Readers who turn here just for my coverage of the emergence of the Social Web, please forgive this off-topic post. I saw this evening a post on Webware by Daniel Terdiman about how the comic strip Dilbert is getting a “Web 2.0” website, that enables greater interactivity with the audience, and it reminded me of a long time ago, when the Web was a truly new medium…
The year was 1994, and Netscape was still called Mosaic. Silicon Graphics, the company I worked at, was the hottest in the Valley, making the super-fast 3D wokstations that were transforming the entertainment industry (and a whole lot more). I was a product manager for the Indy workstation, and an early convert to the new religion of the Web. Soon, I would spearhead the launch of WebFORCE, the industry’s first turnkey web server, and WebMagic, the first WYSIWYG HTML editor.
But first, we were just getting our feet wet with having a website that helped customers and prospects get the information they needed. The support team had snagged the domain http://www.sgi.com (a move that would ultimately lead to a renaming of the company from Silicon Graphics to just SGI). The Web was so young, and there were so few websites, that Silicon Graphics was one of the Top Ten web destinations (along with our arch enemy, Sun).
I headed up the product team’s effort to create a really cool section of the website for the Indy workstation. We had a lot of stuff to work with, and tried more than a few out-of-the-box ideas. One of them was to come up with some fun ways to play up a unique feature of the Indy: it was the first computer to ship with digital video support, with each system having a digital video camera on the top (what would now be thought of as a webcam). In truth, it didn’t really have much use at the time, what with limited bandwidth and no web, but it was “cool” nonetheless.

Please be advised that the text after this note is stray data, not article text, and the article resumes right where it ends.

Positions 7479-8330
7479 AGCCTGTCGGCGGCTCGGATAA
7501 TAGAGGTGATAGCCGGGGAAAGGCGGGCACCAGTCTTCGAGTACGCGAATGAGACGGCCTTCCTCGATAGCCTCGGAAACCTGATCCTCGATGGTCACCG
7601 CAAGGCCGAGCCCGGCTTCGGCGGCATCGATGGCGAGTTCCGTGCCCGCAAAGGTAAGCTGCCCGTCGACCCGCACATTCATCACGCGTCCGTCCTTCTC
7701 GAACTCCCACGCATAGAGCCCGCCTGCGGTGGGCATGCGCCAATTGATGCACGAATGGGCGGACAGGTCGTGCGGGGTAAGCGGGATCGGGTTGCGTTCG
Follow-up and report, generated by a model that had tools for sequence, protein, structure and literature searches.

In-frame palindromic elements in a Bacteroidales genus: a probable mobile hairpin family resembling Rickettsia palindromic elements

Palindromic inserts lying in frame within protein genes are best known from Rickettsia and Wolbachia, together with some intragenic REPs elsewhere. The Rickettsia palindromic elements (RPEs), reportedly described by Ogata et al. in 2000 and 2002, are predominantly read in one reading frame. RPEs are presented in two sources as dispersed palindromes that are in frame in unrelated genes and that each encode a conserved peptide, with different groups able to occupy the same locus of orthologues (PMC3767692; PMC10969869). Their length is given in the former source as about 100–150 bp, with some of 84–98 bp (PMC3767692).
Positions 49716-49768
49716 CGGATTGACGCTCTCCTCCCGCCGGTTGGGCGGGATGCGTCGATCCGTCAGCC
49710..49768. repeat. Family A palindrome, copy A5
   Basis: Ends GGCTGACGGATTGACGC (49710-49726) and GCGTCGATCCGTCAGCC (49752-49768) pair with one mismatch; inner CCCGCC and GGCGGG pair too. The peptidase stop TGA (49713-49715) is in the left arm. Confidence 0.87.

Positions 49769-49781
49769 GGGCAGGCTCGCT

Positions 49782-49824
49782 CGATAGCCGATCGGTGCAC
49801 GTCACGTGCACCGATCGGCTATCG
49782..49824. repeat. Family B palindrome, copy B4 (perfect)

Scott Adams had recently done a number of Dilbert comics on videoconferencing (and how ridiculous it was at the time), and I wanted to include one of them on the Indy website. So, I called up United Media, and negotiated the first-ever content licensing deal for the web, featuring a comic strip. They were, as you can imagine, unprepared for such a call. In the end, I paid them a few hundred dollars for a single strip. But I also invited Scott over for a visit and got video of him drawing Dogbert, which I posted to the site, as well. (We wanted to push the envelope of multimedia for the Web.)
Thanks for the memories!